Print Friendly, PDF & Email

Fishbone Diagram Training, Ishikawa Training

The fishbone diagram training course explains the concept and definition of the method and then trains the students how to develop a fishbone diagram to analyze and discover the cause(s) of a problem.

What Is Fishbone Diagram?

Fishbone Diagram, aka Cause-and-Effect and Ishikawa Diagram, is one of the techniques used in root cause analysis. The diagram gets its name from Dr. Kaoru Ishikawa, University of Tokyo in 1943, who first developed and used fishbone diagram.

Fishbone Diagram Training, Ishikawa Training

Fishbone Diagram

The most benefit of the fishbone diagram is its broad application. It can be used to identify the causes of almost any problem, from mechanical failures of a product you are designing to psychological issues with your children. Moreover, it is a more structured method than some other tools used for brainstorming causes of a problem. Other advantages to this method are:

  • Straight and easy to learn
  • Good way to focus a brainstorming session
  • Effective learning method to the whole team, through preparing a fishbone diagram
  • Focuses discussion on the target issue
  • Encourages “system thinking” via visual connections
  • Puts further assessments and corrective actions in order

Why TONEX?

TONEX as a leader in quality and root cause analysis training, with more than 15 years of experience and thousands of governmental and private clients, offers you a short but practical and effective seminar that teaches you all you need to know about fishbone diagram. TONEX fishbone diagram training includes in-class activities including hands on exercises, case studies, and workshops. During the fishbone diagram workshops, attendees can bring in their own sample work and through our coaching, develop their own fishbone diagram.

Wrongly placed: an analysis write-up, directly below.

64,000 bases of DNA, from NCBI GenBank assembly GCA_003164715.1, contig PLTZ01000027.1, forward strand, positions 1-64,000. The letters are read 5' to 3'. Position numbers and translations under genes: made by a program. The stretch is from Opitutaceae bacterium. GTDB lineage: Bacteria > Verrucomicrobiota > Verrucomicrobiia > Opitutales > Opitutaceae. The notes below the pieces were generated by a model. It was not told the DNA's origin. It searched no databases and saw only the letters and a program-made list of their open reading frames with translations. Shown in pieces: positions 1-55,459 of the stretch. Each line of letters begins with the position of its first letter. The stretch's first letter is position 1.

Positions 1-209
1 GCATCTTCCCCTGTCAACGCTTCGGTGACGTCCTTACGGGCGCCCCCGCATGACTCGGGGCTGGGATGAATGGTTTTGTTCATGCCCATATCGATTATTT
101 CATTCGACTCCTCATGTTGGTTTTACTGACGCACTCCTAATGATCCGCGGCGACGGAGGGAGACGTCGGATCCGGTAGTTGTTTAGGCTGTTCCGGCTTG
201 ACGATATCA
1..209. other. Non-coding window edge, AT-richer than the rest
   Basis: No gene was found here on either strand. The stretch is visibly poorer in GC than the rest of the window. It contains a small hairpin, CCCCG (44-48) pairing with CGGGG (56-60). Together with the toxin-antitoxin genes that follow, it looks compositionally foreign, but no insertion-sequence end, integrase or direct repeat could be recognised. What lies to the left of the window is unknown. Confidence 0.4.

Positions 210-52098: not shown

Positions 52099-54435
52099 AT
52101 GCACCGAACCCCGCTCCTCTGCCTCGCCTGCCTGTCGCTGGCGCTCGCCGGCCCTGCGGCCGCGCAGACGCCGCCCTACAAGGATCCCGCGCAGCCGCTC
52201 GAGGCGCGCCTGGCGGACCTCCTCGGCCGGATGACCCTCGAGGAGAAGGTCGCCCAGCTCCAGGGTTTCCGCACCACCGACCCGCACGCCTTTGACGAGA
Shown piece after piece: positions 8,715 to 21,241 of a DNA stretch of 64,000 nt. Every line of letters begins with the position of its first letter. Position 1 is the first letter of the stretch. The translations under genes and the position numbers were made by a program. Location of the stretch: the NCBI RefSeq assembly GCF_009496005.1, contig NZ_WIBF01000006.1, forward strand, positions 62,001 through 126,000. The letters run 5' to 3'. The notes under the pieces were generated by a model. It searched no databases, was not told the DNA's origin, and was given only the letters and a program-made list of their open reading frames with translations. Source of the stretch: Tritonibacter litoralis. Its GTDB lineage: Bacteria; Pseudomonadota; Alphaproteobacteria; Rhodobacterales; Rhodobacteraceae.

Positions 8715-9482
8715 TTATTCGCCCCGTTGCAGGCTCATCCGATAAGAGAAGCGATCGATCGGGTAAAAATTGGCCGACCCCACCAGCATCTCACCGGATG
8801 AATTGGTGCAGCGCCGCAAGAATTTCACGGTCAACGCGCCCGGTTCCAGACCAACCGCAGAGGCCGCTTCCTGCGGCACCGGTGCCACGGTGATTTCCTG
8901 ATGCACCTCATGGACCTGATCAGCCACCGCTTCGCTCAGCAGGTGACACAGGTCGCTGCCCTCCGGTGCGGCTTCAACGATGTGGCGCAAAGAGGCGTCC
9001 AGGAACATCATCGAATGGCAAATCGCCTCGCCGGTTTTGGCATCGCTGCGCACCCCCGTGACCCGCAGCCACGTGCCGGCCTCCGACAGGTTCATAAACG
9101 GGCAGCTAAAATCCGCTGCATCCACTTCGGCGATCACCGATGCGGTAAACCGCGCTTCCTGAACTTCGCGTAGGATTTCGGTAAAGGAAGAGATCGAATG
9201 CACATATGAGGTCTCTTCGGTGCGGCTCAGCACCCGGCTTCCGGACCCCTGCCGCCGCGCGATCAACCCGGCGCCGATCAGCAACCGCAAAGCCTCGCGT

The TONEX fishbone diagram seminar will teach you the techniques of developing efficient and effective fishbone diagram based on the nature of the problem you are dealing with. In this short hands-on seminar, you will learn how to prioritize the potential causes of a problem and then analyze the level of impact each one has on the result. By taking this class, you will never lose control of a brainstorming session and you always can guide your team to stay focused on the current issue till the end of the session.

There are different ways to develop a fishbone diagram and conduct it, including 6Ms, 5Whys, or 4Ps. One way is to put the categories of possible causes on the “bones” of the fish, each line representing one category, such as:

  • Man (personnel)
  • Machine
  • Methods
  • Materials
  • Measurements
  • Mother Nature (environment)

Another way would be to begin with putting down all possible causes of the problem, and then later selecting their proper categories according to what causes were identified.

The TONEX fishbone diagram training will walk you through all the approaches and help you decided what serves your goals the best. In this one-day hands-on workshop, students can bring in their own problem statement or sample issue to create a fishbone diagram specific to their problem in the class.

Who Should Attend?

The TONEX fishbone diagram training is a 2-day course designed for all the individuals who want to learn and apply simple problem analysis tools. This hands-on seminar is ideal for the senior executives, strategic leaders, managers, quality managers, product managers, manufacturing managers, R&D managers, and other supervisors and managers who lead brainstorming sessions and/or lead the problem-solving teams.

What Will You Learn?

Below are the major topics are covered in this seminar (more details can be found under the full course description):

  • Introduction
  • Fishbone Diagram Procedure
  • TONEX Fishbone Diagram Hands-On Workshop

 

Fishbone Diagram Training | Ishikawa Training

Request More Information

  • Please complete the following form and a Tonex Training Specialist will contact you as soon as is possible.

    * Indicates required fields

  • This field is for validation purposes and should be left unchanged.